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Old 02-06-2016, 01:21   #25
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Re: Would this make you run away?

Quote:
Originally Posted by reed1v View Post
Never heard that one so I consulted my Skene's. Its doubtful that mast sizing has much to do with how its stepped. Mostly about loading at height and how stayed. What is below deck has little to do with the strength of the mast and most to do with how well supported it is above deck. Plus there is not much twisting to the foot; which is why deck stepped masts have not much lip to their base plate.
Here's one link to a Thread on SparTalk, where Brion mentions the differing mast strength requiremennts created by being Keel Stepped vs. Deck Stepped, based on End Fixity. Though by no means is it a full explanation.
Convert Keel step mast to Deck step ? - SparTalk
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Old 02-06-2016, 07:30   #26
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Re: Would this make you run away?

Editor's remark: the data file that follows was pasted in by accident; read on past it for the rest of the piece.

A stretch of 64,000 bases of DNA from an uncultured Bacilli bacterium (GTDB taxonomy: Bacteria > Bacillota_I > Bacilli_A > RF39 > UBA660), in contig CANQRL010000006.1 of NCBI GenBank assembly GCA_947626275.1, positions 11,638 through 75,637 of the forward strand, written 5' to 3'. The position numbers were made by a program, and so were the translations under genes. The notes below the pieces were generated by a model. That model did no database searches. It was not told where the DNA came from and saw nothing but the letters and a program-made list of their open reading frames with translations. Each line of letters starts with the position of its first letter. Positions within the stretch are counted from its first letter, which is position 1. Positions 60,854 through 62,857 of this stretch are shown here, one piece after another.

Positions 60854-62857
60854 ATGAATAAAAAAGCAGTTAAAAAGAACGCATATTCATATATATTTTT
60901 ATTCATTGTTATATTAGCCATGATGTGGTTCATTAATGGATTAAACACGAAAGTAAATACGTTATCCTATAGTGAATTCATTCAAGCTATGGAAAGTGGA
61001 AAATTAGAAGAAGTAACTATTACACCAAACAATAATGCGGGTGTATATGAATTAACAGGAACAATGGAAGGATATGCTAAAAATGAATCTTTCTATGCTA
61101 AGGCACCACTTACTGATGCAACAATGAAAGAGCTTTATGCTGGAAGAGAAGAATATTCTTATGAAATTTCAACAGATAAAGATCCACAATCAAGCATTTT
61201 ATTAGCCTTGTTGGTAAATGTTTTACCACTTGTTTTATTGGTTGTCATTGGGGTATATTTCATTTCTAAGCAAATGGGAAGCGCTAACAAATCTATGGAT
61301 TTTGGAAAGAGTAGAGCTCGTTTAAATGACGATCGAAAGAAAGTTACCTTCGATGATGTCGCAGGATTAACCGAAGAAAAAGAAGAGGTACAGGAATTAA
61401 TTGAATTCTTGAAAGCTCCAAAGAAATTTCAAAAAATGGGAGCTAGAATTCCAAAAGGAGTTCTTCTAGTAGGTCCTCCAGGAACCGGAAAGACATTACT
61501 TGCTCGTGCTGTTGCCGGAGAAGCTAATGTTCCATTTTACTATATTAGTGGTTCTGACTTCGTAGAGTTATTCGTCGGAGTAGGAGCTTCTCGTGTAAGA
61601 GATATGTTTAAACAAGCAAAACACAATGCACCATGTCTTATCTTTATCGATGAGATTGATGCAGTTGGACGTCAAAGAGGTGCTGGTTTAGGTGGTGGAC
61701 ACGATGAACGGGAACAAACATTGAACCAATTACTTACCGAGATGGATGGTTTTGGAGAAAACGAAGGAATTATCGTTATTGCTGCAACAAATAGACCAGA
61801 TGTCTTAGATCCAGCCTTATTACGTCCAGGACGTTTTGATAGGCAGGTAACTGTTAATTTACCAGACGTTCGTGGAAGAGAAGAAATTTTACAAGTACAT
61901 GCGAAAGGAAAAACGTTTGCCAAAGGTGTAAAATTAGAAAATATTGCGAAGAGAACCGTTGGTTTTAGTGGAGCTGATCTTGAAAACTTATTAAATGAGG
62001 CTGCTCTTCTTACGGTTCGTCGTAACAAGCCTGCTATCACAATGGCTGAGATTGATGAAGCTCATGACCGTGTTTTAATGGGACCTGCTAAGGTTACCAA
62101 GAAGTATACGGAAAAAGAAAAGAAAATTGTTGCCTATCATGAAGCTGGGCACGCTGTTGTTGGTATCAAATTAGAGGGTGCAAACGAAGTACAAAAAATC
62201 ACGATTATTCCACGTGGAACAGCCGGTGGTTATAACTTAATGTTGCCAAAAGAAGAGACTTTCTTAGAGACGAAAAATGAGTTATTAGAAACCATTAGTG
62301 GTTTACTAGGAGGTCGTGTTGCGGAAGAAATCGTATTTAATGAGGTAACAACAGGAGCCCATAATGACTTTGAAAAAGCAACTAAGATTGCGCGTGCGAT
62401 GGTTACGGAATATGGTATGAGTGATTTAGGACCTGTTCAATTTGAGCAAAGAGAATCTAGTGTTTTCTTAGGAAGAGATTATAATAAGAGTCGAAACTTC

may have been a repair while underway and forgotten about underneath that nice cover

this old boat had a keel step wooden mast on purchase with a tar coated leather boot mast to deck outside fitting with pieces of solid rubber arranged through the deck. the rubbers kept falling out / the boot had intermittent leaks /to fix the problem removing the really old boot felt like defacing someones hard work / the pieces of rubber weren't missed at all
masked below the deck sealing around the mast and pumped in seal and flex slow cure (48hrs) / removed the masking and it stayed like that till the wooden mast made way for aluminium with compression post and no through deck problem

you may be onto a good sailing project if that is the only gripe on that whole vessel